Rae Kung is proud of her cochlear implants. In fact, she specifically chose an earpiece colour that would stand out against her skin and hair.
It wasn’t always that way, though. When Rae began to lose her hearing at age 22, eventually going deaf in her left ear, she felt uneasy about surgery and embedding medical technology in her head.
That all changed in the fall of 2020 when sound swiftly began to fade in Rae’s right ear as well. Within the span of a few days, the world went silent.
Rae immediately knew where she should go: the Teck Emergency Centre at St. Paul’s Hospital. After a referral to the Audiology Clinic at St. Paul’s, doctors determined that Rae had lost all hearing in both ears.
“It was like the end of the world to me,” she remembers.
Rae’s medical team scheduled her first cochlear implant surgery for March 2021, in her right ear (a second would follow later for her left). She’ll never forget the day when doctors switched the implant on, and her world resumed.
“I was so grateful, I cried,” she says.
A passion for giving back
Rae wasn’t the least bit surprised to receive kind, compassionate, and efficient care from the staff at St. Paul’s. As the managing director of the Chinese Restaurant Awards, Rae has partnered with St. Paul’s Foundation since 2015 to help put on Scotiabank Feast of Fortune, a philanthropic celebration of the Lunar New Year.
Feast of Fortune is a memorable night of entertaining performances, delectable dishes from Vancouver’s top Chinese chefs, a one-of-a-kind live auction, and community. Each year, Rae invites the city’s foremost, award-winning culinary talents to take guests on a distinctive tasting journey.
For Rae, uniting with St. Paul’s Foundation to nurture awareness about critical health research and quality patient care is one of her favourite events of the year, and she’s honoured to help raise funds. With Rae’s support, the event has raised more than $12.2 million since 2015.
“The gala meant a lot to me from the very beginning,” she says. “I think it’s very important that more people in the restaurant community come to support a great cause, and we are so happy to be a part of shaping that wonderful experience for donors.”
Rae will stop at almost nothing to give back. During the height of the pandemic, when the in-person event took a hiatus, Rae helped the Foundation put on a virtual Feast for Fortune. Local restaurants donated a portion of the proceeds from takeout orders and specialty food products to the Foundation, raising funds at a very difficult time for the restaurant industry.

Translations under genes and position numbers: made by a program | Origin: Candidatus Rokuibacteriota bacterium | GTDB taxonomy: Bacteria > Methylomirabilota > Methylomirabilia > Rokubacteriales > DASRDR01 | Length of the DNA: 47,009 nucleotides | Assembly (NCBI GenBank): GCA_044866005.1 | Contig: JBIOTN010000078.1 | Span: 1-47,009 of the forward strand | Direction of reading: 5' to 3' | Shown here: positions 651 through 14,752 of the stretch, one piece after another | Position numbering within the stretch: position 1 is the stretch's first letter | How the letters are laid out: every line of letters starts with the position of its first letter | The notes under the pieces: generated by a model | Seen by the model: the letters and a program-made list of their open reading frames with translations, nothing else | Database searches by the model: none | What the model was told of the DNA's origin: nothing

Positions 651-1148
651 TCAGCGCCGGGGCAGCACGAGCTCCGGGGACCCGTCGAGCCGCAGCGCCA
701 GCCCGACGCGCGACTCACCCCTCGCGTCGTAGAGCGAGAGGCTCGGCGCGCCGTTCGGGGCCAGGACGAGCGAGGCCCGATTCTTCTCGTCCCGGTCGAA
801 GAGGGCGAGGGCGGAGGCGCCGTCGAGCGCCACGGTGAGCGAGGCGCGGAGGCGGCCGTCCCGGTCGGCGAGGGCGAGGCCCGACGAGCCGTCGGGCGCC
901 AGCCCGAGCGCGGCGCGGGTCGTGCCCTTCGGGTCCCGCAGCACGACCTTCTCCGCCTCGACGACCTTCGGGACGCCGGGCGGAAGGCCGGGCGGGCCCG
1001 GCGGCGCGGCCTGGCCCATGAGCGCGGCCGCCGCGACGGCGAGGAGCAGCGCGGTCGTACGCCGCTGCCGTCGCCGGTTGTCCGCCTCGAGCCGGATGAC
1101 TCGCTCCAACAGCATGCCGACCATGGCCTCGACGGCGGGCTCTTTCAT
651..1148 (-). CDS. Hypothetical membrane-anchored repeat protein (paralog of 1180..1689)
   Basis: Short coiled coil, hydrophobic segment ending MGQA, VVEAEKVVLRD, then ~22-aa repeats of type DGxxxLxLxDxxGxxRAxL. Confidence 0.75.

Understanding the true value of patient-centred care
Rae is a direct beneficiary of the world-class research and advancements happening at St. Paul’s. The very first cochlear implant surgery in Canada was performed at St. Paul’s in the early 1980s. Since then, the St. Paul’s team has continued to modernize care for people with cochlear implants, introducing virtual services in 2020 to further help those with hearing loss.
The new St. Paul’s Clinical Support and Research Centre on the Jim Pattison Medical Campus (CSRC) is poised to support a health innovation ecosystem, with compassion and social justice at its core. And this building is so much more than bricks and mortar: by leveraging leading-edge technology and collaborative research efforts, the CSRC is set to develop novel treatments at an unprecedented pace, offering hope to patients in need – like Rae – faster than ever before.
After more than two decades of hearing loss, Rae’s second cochlear implant in 2022 was even more transformative than the first.
“It was magical. My hearing problems are all gone. I want people to know that I have them [cochlear implants], and that they are amazing technology that supports my life,” she says. “My confidence is back. Hearing loss is not just about being able to hear. It’s about quality of life. I can communicate with friends, I can speak more accurately and pronounce words. I have a new life now.”
The cochlear implants have also increased Rae’s ability to give back to her community through Feast of Fortune. With complete hearing, large events aren’t stressful. She can have engaged, meaningful conversations with guests – and tell them how important it is to raise funds for excellent patient care, research, and trailblazing technologies.
“I realized the miracle of this on me, and I want a lot more people to know about how important it is for us to have a good health system that’s been supported by us,” she says.
Gearing up for the 2024 Feast of Fortune
As the 2024 Feast of Fortune gala approaches, Rae is keeping her fingers crossed that they’ll beat last year’s fundraising tally (a record-breaking $3.58 million). More than anything, she looks forward to providing an exceptional event and uniting once again with the Foundation to work toward the greater good.
“It’s a collective effort from everyone,” she says. “This charity gala is the most beautiful thing, because everyone has a good heart and gets together for one goal.”
To learn more about Scotiabank Feast of Fortune and the CSRC, click the link below.